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Yesterday I read this great article about Concurrency in JRuby from EngineYard and I realise I need to leverage my skills about concurrency in Ruby, by mentioning Ruby here I mean it could be all implementations of Ruby : JRuby, Ruby MRI, Rubinius, Ruby on Parrot / Cardinal except IronRuby, I don't code in Windows Environment.

What I learned from Haskell world, especially from Simon Peyton-Jones, he said on his video that OOP is all about state.

Note: I'm very very inexperienced when I mention Haskell, I only watched some good videos about Haskell, solved very few (less than 10) euler project in Haskell, read some good Haskell books and tutorials, I've never coded in Haskell professionally, I just read some source codes in Haskell, ex. pugs, Darcs, and some other Haskell codes I don't remember the source.

I might want to use Jaskell to trick concurrency as long as I use jruby, but that's for my long term learning plan, I want to maximise my concurrency skill in ruby first, do you have any suggestions for me to learn concurrency in ruby? I wish there were a kind of Head First book for me to learn Concurrency in Ruby. Things like strategies / how to tackle concurrency problem in ruby, inspired from EngineYard article and Haskell. Maybe some good downloadable videos that explain step by step to strengthen my fundamental about concurrency generally and then move to concurrency in ruby specifically.

Advice? Thank you.

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OOP is all about state -- I'm not going to go through the whole video, but what Simon probably meant was that OOP is typically about mutable state, or state that changes over time. All programming languages have state, but Haskell (being a purely functional programming language) has immutable state (monads being the notable exception). Immutable state (basically meaning functions that do not cause side effects, but merely return a value) make concurrent programming much easier. It is possible to write OOP programs in an immutable way. –  Robert Harvey Jul 24 '11 at 0:43
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up vote 4 down vote accepted

To get you started, first read Ruby concurrency explained to get an overview. Do note that the Ruby community, in general, seems to find concurrency to be a new and controversial topic and that folks argue vehemently and incessantly over many details regarding how it should be implemented in or via Ruby. Seek fundamentals and do not get caught up in argumentative trivia!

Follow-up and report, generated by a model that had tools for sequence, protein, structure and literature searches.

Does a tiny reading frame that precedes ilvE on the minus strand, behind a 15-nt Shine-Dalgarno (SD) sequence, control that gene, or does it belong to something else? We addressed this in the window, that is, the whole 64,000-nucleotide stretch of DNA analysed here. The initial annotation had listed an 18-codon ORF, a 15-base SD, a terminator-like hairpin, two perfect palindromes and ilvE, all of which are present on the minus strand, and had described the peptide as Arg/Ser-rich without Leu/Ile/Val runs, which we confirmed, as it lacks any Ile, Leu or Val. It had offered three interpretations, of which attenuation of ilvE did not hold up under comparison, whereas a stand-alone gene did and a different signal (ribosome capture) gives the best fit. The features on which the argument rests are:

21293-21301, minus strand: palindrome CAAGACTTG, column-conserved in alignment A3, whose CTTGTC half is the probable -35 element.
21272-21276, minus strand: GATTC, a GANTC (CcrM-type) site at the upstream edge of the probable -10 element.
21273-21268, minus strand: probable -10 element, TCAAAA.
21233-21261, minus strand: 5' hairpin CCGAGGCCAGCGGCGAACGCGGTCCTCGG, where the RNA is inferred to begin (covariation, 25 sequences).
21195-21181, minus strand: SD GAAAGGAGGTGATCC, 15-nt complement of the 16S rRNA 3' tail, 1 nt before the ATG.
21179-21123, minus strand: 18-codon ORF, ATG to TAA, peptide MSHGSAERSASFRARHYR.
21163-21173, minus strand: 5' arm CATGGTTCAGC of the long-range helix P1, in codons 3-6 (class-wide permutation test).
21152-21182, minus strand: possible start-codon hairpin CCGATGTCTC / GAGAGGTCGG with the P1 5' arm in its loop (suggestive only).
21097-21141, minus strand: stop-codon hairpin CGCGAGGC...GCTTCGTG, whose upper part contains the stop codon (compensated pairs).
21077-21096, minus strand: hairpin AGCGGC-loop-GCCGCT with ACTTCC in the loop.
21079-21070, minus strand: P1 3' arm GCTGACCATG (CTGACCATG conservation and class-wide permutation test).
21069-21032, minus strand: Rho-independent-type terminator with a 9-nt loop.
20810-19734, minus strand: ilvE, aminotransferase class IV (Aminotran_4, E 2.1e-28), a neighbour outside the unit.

One recommendation towards clarity is to mentally separate the idea of concurrency from multi-threading, which is only one implementation method. Threading is one way of implementing concurrency but there are others; in particular, look at process parallelism as mentioned in Concurrency is a Myth in Ruby.

the Actor Model approach to concurrency is implemented through many languages, now, and Ruby Concurrency with Actors gives a gentle introduction to how actors may be implemented via Ruby. Actors can simplify concurrency in many cases and can help you avoid some of the nastier pitfalls.

The Ruby community has implemented a Fiber class to provide "light weight cooperative concurrency" in Ruby. You will definitely want to follow some of the links in Ruby Fibers: 8 Useful Reads On Ruby’s New Concurrency Feature to understand this new addition to the language.

Be aware that, as Engine Yard explained, JRuby and Ruby operate on different virtual machines and that these differences may have huge implications for concurrency implementations, in terms of what both what may be possible as well as how it may be achieved.

Yours is a valuable question as Ruby is just now entering the concurrent domain and you can be an "early adopter!" Good luck on your worthy quest!

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thanks for your answer, I appreciate it, I'll look into references you mentioned. –  Arie Sep 26 '11 at 22:42
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Actors are a great way to with these sort of issues. I have used actors in multiple projects (not ruby though) to great success. –  Travis Sep 27 '11 at 2:36
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